le badinage (bah dee nazh)
: bantering, repartee
Also: badin, badine (adj: lighthearted, playful) and badiner (to banter, to jest)
sur un ton de badinage = in a bantering, or jesting, tone
Je ne badine pas! = I'm not joking!
Le badinage ou la taquinerie - c'est bon pour la santé!
Bantering and teasing - it's good for one's health!
“One of the smartest nonfiction titles for summer reading ... Baxter tracks both the city’s history and the many celebrated figures who have savored the art of walking in one of the world’s most beautiful capitals.” (Christian Science Monitor ). See the reviews, and order the book here.
A Day in a French Life... by Kristin Espinasse
Le Badinage Prolongs Life!
My mother, my son, and I are sitting in la salle d'attente. Mom needs a refill on her medication, Max needs a refill on his prescriptions for asthma and allergies, and I need a booster shot. Doubtful, I open my purse and root through its contents, checking to make sure that I have brought along with me the vaccine. In France, one brings one's pre-filled syringe (sealed and packaged) with one to the doctor - a requirement that still seems outlandish to me.
Next, I reach up and pat my arm to make sure the EMLA patch (which looks like a big Band-Aid with a creamy, medicated disk in the center) is working. Poking again and again at the patch, I am uncertain. "Strange... my arm doesn't feel numb..." I say to my mom.
I notice that rascally gleam in Mom's eyes that tells me she is about to take this latest whinging -- and run with it. And all it takes is an emphatic "PFFFFT!" for me to understand her feelings about the prissy patch. After having two breasts removed (one in France, the other in Mexico) and a steel plate put into her leg, Jules is not going to let me get away with fretting over a mamsy-pamsy piqûre. Indeed, the woman who pulled out her own troubled tooth while deep in the jungle of Mexico is not going to give too much sympathy to her over-protected daughter.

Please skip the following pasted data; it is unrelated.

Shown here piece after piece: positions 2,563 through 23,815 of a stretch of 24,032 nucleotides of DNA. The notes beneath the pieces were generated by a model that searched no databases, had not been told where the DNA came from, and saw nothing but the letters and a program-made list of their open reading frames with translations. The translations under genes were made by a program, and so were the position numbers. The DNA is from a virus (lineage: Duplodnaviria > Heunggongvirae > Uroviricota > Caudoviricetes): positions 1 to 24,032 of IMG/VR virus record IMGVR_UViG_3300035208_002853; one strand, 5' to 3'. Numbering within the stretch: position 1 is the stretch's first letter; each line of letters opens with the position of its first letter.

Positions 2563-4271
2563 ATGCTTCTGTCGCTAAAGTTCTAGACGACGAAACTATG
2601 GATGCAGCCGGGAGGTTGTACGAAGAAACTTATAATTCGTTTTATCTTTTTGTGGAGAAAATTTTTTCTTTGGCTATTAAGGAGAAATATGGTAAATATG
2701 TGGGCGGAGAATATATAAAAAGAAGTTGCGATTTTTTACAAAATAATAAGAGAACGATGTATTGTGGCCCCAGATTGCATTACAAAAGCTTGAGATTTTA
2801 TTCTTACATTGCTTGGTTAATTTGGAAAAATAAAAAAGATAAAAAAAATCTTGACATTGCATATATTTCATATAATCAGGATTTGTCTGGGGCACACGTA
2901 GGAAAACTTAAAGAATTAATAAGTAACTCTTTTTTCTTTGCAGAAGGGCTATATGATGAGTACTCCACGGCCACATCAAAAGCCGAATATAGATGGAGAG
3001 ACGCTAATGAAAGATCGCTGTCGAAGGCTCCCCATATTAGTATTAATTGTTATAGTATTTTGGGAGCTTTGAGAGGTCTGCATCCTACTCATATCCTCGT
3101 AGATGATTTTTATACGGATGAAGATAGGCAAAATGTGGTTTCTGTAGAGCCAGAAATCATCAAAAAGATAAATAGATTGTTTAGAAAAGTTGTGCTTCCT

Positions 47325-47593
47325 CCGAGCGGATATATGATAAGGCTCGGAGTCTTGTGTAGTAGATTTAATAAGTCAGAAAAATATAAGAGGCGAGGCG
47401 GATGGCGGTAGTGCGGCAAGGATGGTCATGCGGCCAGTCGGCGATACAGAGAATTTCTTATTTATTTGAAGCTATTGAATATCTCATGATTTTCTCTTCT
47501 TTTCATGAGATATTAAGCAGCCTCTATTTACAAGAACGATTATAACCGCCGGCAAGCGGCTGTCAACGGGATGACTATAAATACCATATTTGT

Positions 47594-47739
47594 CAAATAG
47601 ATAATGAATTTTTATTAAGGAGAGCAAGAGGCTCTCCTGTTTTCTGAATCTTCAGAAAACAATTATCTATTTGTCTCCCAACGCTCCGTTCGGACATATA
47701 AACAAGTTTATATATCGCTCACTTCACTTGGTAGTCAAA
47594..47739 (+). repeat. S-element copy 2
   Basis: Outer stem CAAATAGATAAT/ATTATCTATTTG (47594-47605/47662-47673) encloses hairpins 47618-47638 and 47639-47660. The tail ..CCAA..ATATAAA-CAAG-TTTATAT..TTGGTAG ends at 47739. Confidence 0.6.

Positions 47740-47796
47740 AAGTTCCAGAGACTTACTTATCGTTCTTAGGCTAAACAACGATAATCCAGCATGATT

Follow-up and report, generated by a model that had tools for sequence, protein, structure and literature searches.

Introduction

In my defense I point out that it was the doctor who offered to prescribe the numbing patch, that it wasn't anything I requested. But any explanations were met with rolled eyes and another exclamatory "PFFFT!".
Witnessing the taquinerie between his mother and his grand-mère cherie, Max lights up, always game to join in and pull my leg. Only, this time, he shifts his attention to his grandmother, who is ever ready to join him in another round of plaisanteries.
I listen to the two spar, giggle, and poke each other and when the playfulness gets a little disruptive, I butt in--
"Hey, watch the plants! You'll knock them over!" and "Max! Put that chair down!"
My attempt at controlling the grandmother-grandson duo is met with more Pfffts! and more clucks of the tongues as the two look at me beady-eyed and cynically - only to resume their bantering.
Mom grabs a revue from the stack of magazines and paddles Max with it. Max responds by running circles around Jules until she is dizzy with laughter. (Thank goodness nobody else is around.)
Their voices rise and I am obliged to give another warning or two: